Cincinnati dates back to 1788, right after the American Revolution, and is thus considered the first major city founded in a young United States. Its nickname stems from its growth in the early 19th century, as one newspaper flagged it, “Queen of the West.”
From the top floor observation deck of the 49-story Carew Tower, I imagine what the fledgling city looked like before skyscrapers dominated the downtown view. “Think about this without all the buildings,” says tour guide Janice Forte. “Everything below you was trees and fertile soils. Within 25 years of getting off the flatboats, this city grew to almost 35, 000. And at any given time from 1830 to 1900, there were maybe 100 riverboats coming and going with goods taken off the boats day and night.” Today, Cincinnati is home to the corporate headquarters of Macy’s, Kroger and Proctor & Gamble, among others.
As a native New Yorker, I love gazing at the John A. Roebling Suspension Bridge named after its civil engineer – especially at night. It’s in fact the same design as the Brooklyn Bridge, Roebling’s most famous project, opened 16 years after Cincinnati’s bridge linked the Queen City with Northern Kentucky in 1867. The historic Over-the-Rhine neighborhood, once home to German immigrants, is noted for its 19th century architecture and many theater venues. Enthralled with history, I also visit the William Howard Taft National Historic Site – his childhood home and where he was born. Taft was the only U.S. president to also serve as Chief Justice of the Supreme Court. The two-story, Greek Revival-style home has period furniture, a few original paintings and exhibits detailing his years in public service.
Located near the banks of the Ohio River, the National Underground Railroad Freedom Center highlights the continuing struggle for civil rights and the plight of enslaved people – even today – through exhibits, paintings and more. “Our mission is to tell the story of freedom’s heroes during the era of the Underground Railroad to modern times,” says Will Jones, Marketing and Communications Manager for the Freedom Center. A must see is an authentic, restored wooden slave pen moved to the museum from Mayville, KY. “It was so well preserved because it was actually kept within a tobacco barn,” says Jones. “Tobacco soaks up a lot of moisture and that’s why it was well intact when they found it.”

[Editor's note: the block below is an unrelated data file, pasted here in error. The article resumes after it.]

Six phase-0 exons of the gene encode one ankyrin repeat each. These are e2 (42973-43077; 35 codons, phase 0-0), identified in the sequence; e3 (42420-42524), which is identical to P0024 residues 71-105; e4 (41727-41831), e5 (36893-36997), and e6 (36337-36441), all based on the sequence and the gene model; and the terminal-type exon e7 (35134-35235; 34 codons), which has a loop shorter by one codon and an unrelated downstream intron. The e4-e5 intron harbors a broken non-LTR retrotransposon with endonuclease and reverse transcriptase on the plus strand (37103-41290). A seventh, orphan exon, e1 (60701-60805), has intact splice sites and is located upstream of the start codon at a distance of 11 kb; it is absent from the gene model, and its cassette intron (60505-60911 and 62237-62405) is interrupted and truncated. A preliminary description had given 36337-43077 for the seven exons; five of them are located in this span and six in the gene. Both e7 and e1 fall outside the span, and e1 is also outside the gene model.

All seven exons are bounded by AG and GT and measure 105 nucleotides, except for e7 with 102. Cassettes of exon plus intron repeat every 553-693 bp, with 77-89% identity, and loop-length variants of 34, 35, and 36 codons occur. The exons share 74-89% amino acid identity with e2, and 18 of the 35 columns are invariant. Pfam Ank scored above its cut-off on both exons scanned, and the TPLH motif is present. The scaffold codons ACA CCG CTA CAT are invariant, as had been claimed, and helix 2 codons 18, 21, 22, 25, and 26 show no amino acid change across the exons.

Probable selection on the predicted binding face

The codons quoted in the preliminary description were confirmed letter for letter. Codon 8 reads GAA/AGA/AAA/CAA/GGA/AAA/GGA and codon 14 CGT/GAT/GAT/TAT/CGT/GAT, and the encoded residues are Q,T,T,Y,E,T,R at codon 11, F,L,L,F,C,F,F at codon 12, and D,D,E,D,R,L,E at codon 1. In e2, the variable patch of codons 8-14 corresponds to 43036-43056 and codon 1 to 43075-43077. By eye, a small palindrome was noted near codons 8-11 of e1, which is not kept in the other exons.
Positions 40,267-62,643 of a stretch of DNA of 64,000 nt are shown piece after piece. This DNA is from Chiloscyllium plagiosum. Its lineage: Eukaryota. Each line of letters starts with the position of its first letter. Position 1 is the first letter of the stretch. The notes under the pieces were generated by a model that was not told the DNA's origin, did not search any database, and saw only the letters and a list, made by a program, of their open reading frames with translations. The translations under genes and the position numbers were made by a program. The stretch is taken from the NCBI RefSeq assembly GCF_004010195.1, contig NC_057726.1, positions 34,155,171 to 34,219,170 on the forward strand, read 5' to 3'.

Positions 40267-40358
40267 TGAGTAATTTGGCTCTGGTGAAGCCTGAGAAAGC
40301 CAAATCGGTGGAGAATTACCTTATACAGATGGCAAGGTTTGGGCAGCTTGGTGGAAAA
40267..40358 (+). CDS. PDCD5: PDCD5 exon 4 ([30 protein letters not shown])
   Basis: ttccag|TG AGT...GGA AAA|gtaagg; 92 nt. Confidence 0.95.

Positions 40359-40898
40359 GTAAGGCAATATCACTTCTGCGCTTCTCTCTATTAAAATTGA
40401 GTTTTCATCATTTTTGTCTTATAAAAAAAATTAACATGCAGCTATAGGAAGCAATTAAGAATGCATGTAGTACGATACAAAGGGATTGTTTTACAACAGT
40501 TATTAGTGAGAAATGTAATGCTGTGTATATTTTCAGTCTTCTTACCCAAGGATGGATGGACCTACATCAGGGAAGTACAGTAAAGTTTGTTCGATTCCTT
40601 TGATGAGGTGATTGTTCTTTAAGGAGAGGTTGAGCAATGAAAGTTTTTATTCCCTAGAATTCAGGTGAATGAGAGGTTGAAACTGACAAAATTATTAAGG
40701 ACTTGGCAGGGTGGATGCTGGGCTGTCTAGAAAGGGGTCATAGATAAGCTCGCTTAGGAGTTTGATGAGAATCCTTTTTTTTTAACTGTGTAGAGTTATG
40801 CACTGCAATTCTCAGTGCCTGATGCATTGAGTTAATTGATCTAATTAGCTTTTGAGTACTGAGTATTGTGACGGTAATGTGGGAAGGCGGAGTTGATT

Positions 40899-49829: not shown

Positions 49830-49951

The city’s two world class art museums include the Taft Museum of Art housed in a grand home once owned by the family of President Taft’s brother, and the Cincinnati Museum of Art, located in hilly and scenic Eden Park.
The Cincinnati Museum Center at Union Terminal, a grandiose art deco former train station, houses several museums and exhibits including Dinosaur Hall and The Cave, where spelunking enthusiasts can traverse twisting pathways in this replica limestone cave. Union Terminal’s rotunda is the largest half-dome in the Western Hemisphere. And neon signs, from Howard Johnson’s to the green and pink trim of a mid 20th century McDonald’s marquis, glow and buzz within makeshift storefronts in the fun and quirky American Sign Museum, featuring more than 100 years of American sign history.
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